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[Text Version] 07r.html Wed Jan 11 07:25:37 PST 2012


    Review Questions 7

    1. What is the syntax for writing an attribute in an UML class? Show how you would say that a Person (class) has a public attribute age which is a number and starts at zero. Which parts do you omit in a typical rough domain model?
    2. Explain the following Domain Model:

      [Boxes C and B connected by A ...]

    3. Draw a diagram that shows that a class Person has a unique associated Address. Redraw this to show that a Person has an attribute address that has type string.
    4. What is a derived attribute? How do you show a derived attribute? Give an example.
    5. Give a guideline for choosing between an attribute and an association in a domain model.
    6. In which UP phase do you start a domain model, and how often do you expect to update it?

    7. Here are two types of diagram, use case and domain model. What is A, B, C, X, Y? What is the relation between X and Y?

      [Box A connected to box B by line C plus Stickman X connected to oval Y]

    Standard Definitions

  1. Artifact::="Anything that is created in the course of a project".
  2. artifact::=see above.
  3. DCD::diagram="Design Class Diagram", shows the classes that will be implemented in code.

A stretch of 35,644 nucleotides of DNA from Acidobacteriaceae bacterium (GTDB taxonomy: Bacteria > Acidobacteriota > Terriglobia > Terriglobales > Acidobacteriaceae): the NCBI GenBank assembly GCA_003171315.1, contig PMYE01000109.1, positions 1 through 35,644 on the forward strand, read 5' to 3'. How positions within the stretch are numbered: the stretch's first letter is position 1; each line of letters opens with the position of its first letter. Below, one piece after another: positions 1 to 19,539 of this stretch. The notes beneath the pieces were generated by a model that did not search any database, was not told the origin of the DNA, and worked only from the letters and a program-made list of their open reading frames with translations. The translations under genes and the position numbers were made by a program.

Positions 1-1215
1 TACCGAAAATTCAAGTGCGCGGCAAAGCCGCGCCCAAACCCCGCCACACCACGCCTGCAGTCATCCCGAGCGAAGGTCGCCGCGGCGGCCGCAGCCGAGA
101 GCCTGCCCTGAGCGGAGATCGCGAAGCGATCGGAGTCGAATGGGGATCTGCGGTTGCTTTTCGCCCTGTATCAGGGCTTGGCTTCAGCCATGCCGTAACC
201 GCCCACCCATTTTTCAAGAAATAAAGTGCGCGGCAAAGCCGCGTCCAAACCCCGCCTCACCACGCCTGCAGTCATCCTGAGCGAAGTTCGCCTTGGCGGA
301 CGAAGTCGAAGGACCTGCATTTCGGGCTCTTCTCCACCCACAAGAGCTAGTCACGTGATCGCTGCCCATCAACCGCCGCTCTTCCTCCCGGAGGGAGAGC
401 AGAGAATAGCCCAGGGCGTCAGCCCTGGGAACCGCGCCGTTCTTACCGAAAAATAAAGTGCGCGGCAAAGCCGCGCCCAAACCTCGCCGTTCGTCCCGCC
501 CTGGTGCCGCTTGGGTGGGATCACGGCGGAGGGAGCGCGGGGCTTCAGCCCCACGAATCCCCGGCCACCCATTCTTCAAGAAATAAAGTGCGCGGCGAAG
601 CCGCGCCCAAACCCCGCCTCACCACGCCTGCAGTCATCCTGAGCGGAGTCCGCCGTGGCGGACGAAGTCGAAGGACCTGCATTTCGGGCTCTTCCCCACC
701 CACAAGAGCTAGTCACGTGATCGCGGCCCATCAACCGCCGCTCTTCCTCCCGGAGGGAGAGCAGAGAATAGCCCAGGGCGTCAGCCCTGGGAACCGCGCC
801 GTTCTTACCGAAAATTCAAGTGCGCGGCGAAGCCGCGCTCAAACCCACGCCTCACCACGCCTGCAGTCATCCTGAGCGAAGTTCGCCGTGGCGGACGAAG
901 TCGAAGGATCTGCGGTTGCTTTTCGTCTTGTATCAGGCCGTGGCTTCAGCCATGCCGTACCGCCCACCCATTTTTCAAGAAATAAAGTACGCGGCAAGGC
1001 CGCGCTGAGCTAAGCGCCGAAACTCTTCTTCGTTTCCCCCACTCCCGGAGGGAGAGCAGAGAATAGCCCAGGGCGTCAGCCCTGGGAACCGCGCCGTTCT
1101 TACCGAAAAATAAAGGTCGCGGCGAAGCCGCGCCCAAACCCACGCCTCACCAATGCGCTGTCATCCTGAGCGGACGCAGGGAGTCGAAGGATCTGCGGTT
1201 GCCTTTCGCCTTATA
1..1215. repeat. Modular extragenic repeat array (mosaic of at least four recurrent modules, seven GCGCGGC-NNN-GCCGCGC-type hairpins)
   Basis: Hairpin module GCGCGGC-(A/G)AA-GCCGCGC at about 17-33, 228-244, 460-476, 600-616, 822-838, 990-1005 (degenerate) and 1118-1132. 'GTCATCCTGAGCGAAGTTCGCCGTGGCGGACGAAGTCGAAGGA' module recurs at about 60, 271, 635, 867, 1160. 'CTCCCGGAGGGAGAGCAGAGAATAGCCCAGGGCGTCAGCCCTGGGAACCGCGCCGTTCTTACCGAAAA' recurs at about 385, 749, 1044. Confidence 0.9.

4. Deliverables::="A packet of artifacts that must be prepared by a deadline for review or distribution".
  5. Glossary::= See http://cse.csusb.edu/dick/cs375/uml.glossary.html.
  6. GoF::="Gang of Four", [ patterns.html#GoF ]
  7. GRASP::patterns="General Responsibility Assignment Software Patterns", a set of guidelines for designing objects and classes. They take a single event that the system must handle and determine a good class to carry it out. See [ patterns.html#GRASP -- General Responsibility Assignment Software Patterns ]
  8. Grades::= See http://cse.csusb.edu/dick/cs375/grading/.

  9. KISS::Folk_law="Keep It Simple, Stupid", in agile processes this means never drawing a diagram or preparing a document that doesn't provide value to the clients and stakeholders. In all processes it means never designing or coding what is not needed, see YAGNI.

  10. OO::shorthand="Object-Oriented".

  11. OOAD::="Object-Oriented Analysis and Design", See chapter 1 in text.
  12. patterns::="Documented families of problems and matching solutions", see Patterns.
  13. Patterns::= See http://cse.csusb.edu/dick/cs375/patterns.html.

  14. Process::="How to develop software".

  15. RJB::=The author of this document, RJB="Richard J Botting, Comp Sci Dept, CSUSB".
  16. RUP::Process="Rational UP", a proprietary version of UP.

  17. SSD::="System Sequence Diagrams", see chapter 10.

  18. TBA::="To Be Announced".

  19. UML::="Unified Modeling Language". [ Unified_Modeling_Language ]

  20. UP::="Unified Process", an iterative, risk-driven, and evolutionary way to develop OO software.

  21. YAGNI::XP="You Ain't Gonna Need It", an XP slogan that stops you planning and coding for things that are not yet needed. As a rule the future is not predictable enough to program a feature until the stakeholders actually need now. In this class it also means "It won't be on the final or in quizzes".

  22. XP::="Extreme Programming", the ultimate iterative, code-centric, user-involved process.